I’m beginning my 6th edition of summer school for my district on Monday. My first summer, before we had children and my wife was still working, summer school was a means to cut my teeth in my own real-life math classroom before the fall semester began and stuff got real.
Teaching summer school is more of a financial requirement for our family now, but there are still several things I enjoy about the summer session that I think make me a better teacher.
1. “Do your worst.”
If you can handle what summer school students have to throw at you, you’ll probably be prepared for the worst you may see during the regular session. Some summer school students are highly motivated (which is what I expected of all of them before my first summer), and they are a delight, but most in my district come to me with one or several of the following: immaturity, frustration, anger, dejection, ambivalence, complacency. I jumped over a table last summer in the midst of what was looked to be a fight brewing. It was awesome.
2. Try new things.
The thinking on this is that for most of these kids, whatever traditional activities you or a colleague tried during the spring or fall were not successful strategies, so repackaging the regular curriculum into a shorter chunk is asking for boredom at best, and more failure at worst. I feel less pressure to have my lessons or activities go perfectly during the summer because classes are smaller and we meet longer, so its more feasible to clarify directions and completely change course if necessary without sacrificing an entire day’s 50 minute period.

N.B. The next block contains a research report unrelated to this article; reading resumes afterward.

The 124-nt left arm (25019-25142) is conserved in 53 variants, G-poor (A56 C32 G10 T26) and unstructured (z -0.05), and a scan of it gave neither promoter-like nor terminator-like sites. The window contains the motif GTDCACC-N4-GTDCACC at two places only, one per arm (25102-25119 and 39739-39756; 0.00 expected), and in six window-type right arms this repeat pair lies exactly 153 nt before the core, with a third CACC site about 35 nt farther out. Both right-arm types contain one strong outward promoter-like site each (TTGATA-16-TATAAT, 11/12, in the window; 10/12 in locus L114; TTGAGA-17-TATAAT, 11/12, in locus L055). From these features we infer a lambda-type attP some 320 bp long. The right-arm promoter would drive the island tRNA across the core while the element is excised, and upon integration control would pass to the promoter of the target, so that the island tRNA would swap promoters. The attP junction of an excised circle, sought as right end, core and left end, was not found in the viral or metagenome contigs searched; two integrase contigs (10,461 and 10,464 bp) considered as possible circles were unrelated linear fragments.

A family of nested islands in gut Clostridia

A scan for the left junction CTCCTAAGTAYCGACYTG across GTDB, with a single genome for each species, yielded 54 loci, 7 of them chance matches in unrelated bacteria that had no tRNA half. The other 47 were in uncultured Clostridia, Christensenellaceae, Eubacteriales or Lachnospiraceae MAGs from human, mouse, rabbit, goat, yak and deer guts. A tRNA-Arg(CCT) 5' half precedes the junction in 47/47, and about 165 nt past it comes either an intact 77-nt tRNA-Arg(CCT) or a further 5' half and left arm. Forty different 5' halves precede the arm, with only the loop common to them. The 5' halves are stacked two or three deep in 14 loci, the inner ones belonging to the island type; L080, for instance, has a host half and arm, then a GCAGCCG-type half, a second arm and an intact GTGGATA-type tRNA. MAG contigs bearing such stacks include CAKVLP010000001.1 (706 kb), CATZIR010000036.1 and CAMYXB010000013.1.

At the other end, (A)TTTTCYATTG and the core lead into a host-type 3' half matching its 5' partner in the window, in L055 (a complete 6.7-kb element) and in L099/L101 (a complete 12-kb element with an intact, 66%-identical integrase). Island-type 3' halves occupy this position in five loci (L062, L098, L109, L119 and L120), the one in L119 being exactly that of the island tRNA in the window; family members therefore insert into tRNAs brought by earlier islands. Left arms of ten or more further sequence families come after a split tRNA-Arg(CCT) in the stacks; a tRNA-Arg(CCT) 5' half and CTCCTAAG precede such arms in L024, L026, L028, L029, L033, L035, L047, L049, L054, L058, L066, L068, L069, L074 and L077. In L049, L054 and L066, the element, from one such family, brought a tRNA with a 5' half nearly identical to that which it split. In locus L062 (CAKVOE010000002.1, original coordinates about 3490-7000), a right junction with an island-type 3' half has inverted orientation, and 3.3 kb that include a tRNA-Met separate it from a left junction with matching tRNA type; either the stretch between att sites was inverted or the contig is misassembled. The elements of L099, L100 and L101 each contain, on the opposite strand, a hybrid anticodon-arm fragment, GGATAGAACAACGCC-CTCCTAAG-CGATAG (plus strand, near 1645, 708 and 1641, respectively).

I love piloting projects, games, and software in the summer.
3. Motivate, motivate, motivate.
|This is for my students, too, but secretly maybe for me the most. 🙂
There aren’t a ton of self-starting, goal-setting 16 and 17 year olds to begin with – you’re definitely not going to find them in summer school. Teaching my summer students forces me to rethink why I teach, and what heights are possible for any of these students.
Morning-grump-Chuck does not fly in summer session.
4. Make new connections with colleagues
Since my district consolidated summer school for our 3 high schools into one building 3 years ago, summer school has meant working more closely with teachers I only see on sporadic district PD days. Collaborating with these teachers during the summer has given me a clearer picture of what goes on across
my district and helps me make sense of goals and vision given to us from administration across the street. Most of the trainings on this page
were made possible by connections I made during summer school.
5. Prioritize and dump.
You know that practice where you teach some things during the regular school year “for exposure,” just because its in your book, or you like that trick?
Reteaching an entire semester’s worth of content is obviously impossible, so the summer session requires refinement of the curriculum to essential topics and strategies. Fortunately for me, my district already has separate pacing guides for the summer, so I don’t have to reinvent the wheel every summer.
This year, to cut costs, our district is holding only “credit recovery” courses, which the state allows for students who were close to passing. My class will be 2 weeks instead of the usual 4, so I’m forced to prioritize and predict where the biggest needs will be amongst my recovering students.
Why does this matter for the regular session? The topics we end up covering in summer school often become the subject of smart goals and data collection from common formative assessments in our PLCs.